Conservation charity the Woodland Trust have launched a £1.6million fundraising appeal to buy a mountain above Loch Torridon in the northwest highlands. Ben Shieldaig is up for sale, and if successful in their bid the Trust hopes to manage its spectacular native woodland within a wider mix of wild habitats that run from sea to summit. The plan is likely to include a new footpath on the hill too.
"This is a rare opportunity for us to bring a whole mountain under our care" said Woodland Trust Scotland Director Carol Evans.
"It already supports a magnificent area of ancient Caledonian pinewood and a temperate rainforest of native birchwood. Perhaps even more exciting is the potential to manage these within a mosaic of their natural neighbours. Our aim is to see native woodland, montane scrub and open moorland habitats meshing naturally with each other from sea to sky. That would encapsulate all that a restored landscape can be, not just in Torridon but across the Highlands."
The 534m-high Ben Shieldaig covers around 4000 acres, set in the dramatic Torridon landscape within the Wester Ross National Scenic Area.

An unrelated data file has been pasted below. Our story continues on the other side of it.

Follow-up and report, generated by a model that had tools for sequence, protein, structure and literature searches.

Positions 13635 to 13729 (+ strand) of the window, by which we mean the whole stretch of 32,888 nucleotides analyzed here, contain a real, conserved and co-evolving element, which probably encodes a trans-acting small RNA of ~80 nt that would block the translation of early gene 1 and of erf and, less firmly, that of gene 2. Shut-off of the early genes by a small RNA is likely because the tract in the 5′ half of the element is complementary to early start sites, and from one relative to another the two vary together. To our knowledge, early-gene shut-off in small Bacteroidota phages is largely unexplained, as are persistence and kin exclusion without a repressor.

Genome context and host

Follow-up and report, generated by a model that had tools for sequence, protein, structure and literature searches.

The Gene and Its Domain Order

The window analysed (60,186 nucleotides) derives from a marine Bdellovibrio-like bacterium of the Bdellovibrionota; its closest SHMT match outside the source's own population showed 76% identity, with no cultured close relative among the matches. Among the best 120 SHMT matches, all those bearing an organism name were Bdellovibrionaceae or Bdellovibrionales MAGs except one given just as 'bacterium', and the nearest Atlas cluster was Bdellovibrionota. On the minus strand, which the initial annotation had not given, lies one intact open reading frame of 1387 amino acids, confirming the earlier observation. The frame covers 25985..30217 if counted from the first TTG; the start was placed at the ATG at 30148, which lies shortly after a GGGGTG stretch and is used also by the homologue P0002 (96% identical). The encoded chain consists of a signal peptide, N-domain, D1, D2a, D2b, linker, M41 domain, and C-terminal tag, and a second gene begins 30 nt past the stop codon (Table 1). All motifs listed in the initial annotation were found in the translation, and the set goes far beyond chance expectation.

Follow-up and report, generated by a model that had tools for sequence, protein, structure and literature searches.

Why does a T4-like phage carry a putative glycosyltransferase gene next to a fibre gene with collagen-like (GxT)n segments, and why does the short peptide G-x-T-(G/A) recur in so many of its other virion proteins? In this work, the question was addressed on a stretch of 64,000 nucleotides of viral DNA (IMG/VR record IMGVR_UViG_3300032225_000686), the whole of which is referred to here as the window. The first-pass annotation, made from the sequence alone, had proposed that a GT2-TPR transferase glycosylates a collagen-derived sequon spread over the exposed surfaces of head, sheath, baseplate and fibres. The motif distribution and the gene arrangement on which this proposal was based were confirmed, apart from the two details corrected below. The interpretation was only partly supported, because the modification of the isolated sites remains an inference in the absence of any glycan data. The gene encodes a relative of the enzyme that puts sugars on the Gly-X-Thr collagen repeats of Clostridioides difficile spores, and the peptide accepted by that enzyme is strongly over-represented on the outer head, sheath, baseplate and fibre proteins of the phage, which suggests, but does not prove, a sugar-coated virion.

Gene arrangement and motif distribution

The area's birch woodland, confined to the moisture-laden strip of land between the mountain and the sea, is part of a unique and internationally important habitat shaped by the mild climate and clean air.
The mountain is also home to a significant remnant of ancient Caledonian pinewood – special not only because it has occupied this spot since just after the last ice age, but because it lies at the very limit of the Scots pine's northern European distribution. This is one of the most westerly remnants of native pine in Europe; one of the closest to sea level; and quite possibly one which is genetically unique to the north-west of Scotland, say the Trust.
The Woodland Trust plans to protect and expand the existing native woodland at Ben Shieldaig through a combination of natural regeneration, new native planting and effective deer management. It's thought the site could see a tripling of woodland cover on the mountain.
A couple of quality local jobs will also be created by the project, it's promised.
Carol Evans continued:
"We aim to manage the site for wildlife and people and encourage recreational access – perhaps building a small car park and creating a path to a viewpoint for visitors to enjoy. We will consult with local people about our plans once we secure ownership. Before anything can happen though, we need to raise the money to fund the purchase."
- Details of the appeal can be found on the Woodland Trust website